The Washington Senators last won Major League Baseball’s World Series in 1924 against the New York Giants, four games to three. They went back to the championship round in 1933 but lost to New York, this time in five games.
But Washington’s last World Series team was the 1948 Homestead Grays, who defeated the Birmingham Black Barons, four games to one, to cap perhaps the most dominant stretch of baseball in American history.
The Grays, who called both Western Pennsylvania and the District home, won nine straight Negro National League pennants from 1937 to 1945 and 10 pennants in 12 seasons from 1937 to 1948, considered a greater feat than winning a World Series because the championship matchups were not always an annual event. The 1948 series was the last one played, and while the circuit was waning, the talent remained imposing. The Grays started Hall of Famer Buck Leonard at first base. The Barons started a 17-year-old Willie Mays in center field.
With the Washington Redskins using Griffith Stadium to host the Pittsburgh Steelers, the teams met for Game 1, a 3-2 win for Homestead, in Kansas City, Mo., then split Games 2 and 3 at the Barons’ home park in Birmingham.
The Redskins were hosting the New York Giants again at Griffith Stadium, so the Grays and Barons stayed on the road, this time meeting in New Orleans. But the Grays didn’t need home-field advantage. They mopped up the Barons, 14-1, then returned to Birmingham for the decisive Game 5, a 10-6 Grays win that took 10 innings. Homestead scored four runs in the 10th to break open a 6-6 tie.
The District hasn’t hosted a World Series game since 1945, when the Cleveland Buckeyes defeated the Grays in Game 3 at Griffith Stadium, 4-0. The city hasn’t hosted a World Series victory since 1944′s decisive Game 5: Homestead Grays 4, Birmingham Black Barons 2.
While Washington’s MLB legacy is average at best — the three franchises to play in the District have a combined .465 winning percentage — the city’s baseball fans can turn to the Grays’ legacy: three World Series titles and 12 inductees to the National Baseball Hall of Fame, including Leonard, Josh Gibson (known in baseball lore as the “Black Babe Ruth”) and James “Cool Papa” Bell.
And while mostly white crowds endured the jeer, “First in war, first in peace, last in the American League” as the first iteration of the Senators posted 41 losing seasons in the 60 years before the team moved to Minnesota, mostly black crowds rooted on a consistent winner at Griffith Stadium.
The Grays played a fast style of baseball: lots of balls in play and lots of stolen bases. Gibson batting from the right side of the plate and Leonard from the left side made for the “most feared batting twosome in Negro Baseball,” as Leonard’s Hall of Fame plaque reads.
“We played a different kind of baseball than the white teams,” Bell told biographer Shaun McCormack in the book “Cool Papa Bell.”
“We played tricky baseball. We did things they didn’t expect. We’d bunt and run in the first inning. Then when they would come in for a bunt, we’d hit away. We always crossed them up.”
By 1940, the Grays adopted Washington as their “home away from home” and in subsequent years played more games in the District than at Pittsburgh’s Forbes Field. In the mid-1940s, with the Senators mostly middling, the Grays were in their prime: They won 76 percent of their games in 1943 and boasted a roster with five Hall of Famers. They batted .330 as a team with a .458 slugging percentage, according to the database at Seamheads.com, both tops in the Negro National League.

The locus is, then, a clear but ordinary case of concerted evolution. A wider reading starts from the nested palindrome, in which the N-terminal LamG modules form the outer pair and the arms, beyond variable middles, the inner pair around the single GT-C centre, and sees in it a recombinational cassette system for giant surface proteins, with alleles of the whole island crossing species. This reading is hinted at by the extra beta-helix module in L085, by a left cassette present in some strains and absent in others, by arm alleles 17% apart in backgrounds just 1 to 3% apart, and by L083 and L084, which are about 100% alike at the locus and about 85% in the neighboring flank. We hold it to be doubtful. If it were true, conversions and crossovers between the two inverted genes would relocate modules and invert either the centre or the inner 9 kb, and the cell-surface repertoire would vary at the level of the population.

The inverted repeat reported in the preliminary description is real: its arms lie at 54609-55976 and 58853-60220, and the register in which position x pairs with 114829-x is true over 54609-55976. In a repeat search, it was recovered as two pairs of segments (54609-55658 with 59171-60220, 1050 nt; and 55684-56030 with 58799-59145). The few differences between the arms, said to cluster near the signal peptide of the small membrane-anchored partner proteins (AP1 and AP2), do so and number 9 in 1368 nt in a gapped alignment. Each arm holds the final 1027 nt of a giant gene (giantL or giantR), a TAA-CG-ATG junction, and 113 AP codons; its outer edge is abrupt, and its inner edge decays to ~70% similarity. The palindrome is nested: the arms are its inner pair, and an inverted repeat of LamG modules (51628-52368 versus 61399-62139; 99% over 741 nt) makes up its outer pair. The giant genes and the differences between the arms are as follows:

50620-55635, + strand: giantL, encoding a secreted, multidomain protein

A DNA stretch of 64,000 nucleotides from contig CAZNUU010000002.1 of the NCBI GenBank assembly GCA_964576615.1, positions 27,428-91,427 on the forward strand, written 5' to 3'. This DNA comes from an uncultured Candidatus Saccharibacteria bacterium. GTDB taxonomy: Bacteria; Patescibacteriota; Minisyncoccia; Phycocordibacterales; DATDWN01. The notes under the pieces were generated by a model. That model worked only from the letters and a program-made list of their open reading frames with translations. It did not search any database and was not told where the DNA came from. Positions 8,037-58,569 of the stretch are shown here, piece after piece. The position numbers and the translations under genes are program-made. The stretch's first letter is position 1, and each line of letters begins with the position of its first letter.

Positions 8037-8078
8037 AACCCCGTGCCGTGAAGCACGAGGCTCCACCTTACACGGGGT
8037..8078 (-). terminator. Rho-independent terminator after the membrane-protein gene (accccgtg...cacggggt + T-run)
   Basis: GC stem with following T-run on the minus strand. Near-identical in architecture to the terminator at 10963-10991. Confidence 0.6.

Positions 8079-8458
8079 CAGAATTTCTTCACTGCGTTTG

And games at Griffith Stadium were a tremendous draw for Washington’s African American fans. Griffith Stadium was practically in the heart of the black community and next to the campus of Howard University. Surrounding the ballpark was one of the city’s middle class and upper middle class black neighborhoods, home to government workers, local business owners and university professors, said Brad Snyder, a law professor at Georgetown University and author of “Beyond the Shadow of the Senators,” a history of the Grays and Negro baseball.
“It was D.C.’s black social scene,” he said in an interview, “and the ballpark is the middle of that social scene.”
“The Homestead Grays were looked at as a spectacular team,” said Ted Knorr, founder of the Society for American Baseball Research’s semiannual Negro League Research Conference. “This was the team, with Gibson and Leonard and their two personalities, in the Negro National League.”
The Grays’ crowds were exceptional, too. Tight government controls on gasoline during World War II made getting out of the city almost impossible, Snyder said, so local residents flocked to the ballpark for summer diversions. Washington was a stop on major railways, while Pittsburgh was further west. There was no point, Snyder said, for the team to go back to Forbes Field.
But by 1948, things had changed. Homestead started four players at least 35 years-old; the lineup’s average age was 31. The Barons started seven players 30 or younger. And that series also marked the final days of the Negro Leagues. Jackie Robinson had joined the Montreal Royals, the Brooklyn Dodgers’ minor league team, in 1946. He broke the major league color barrier in 1947.
By 1948, seven black players were in the major leagues and more were in the minors. Alongside accounts of the Negro World Series games, black newspapers published stats for Robinson, Dodgers catcher Roy Campanella and Cleveland Indians outfielder Larry Doby with equal fervor.
The Negro National League shut down after the 1948 World Series. The Negro American League continued on an informal basis into the 1960s, but its final season as a major league, one comparable in talent to major league baseball, probably was the year of Washington’s last championship.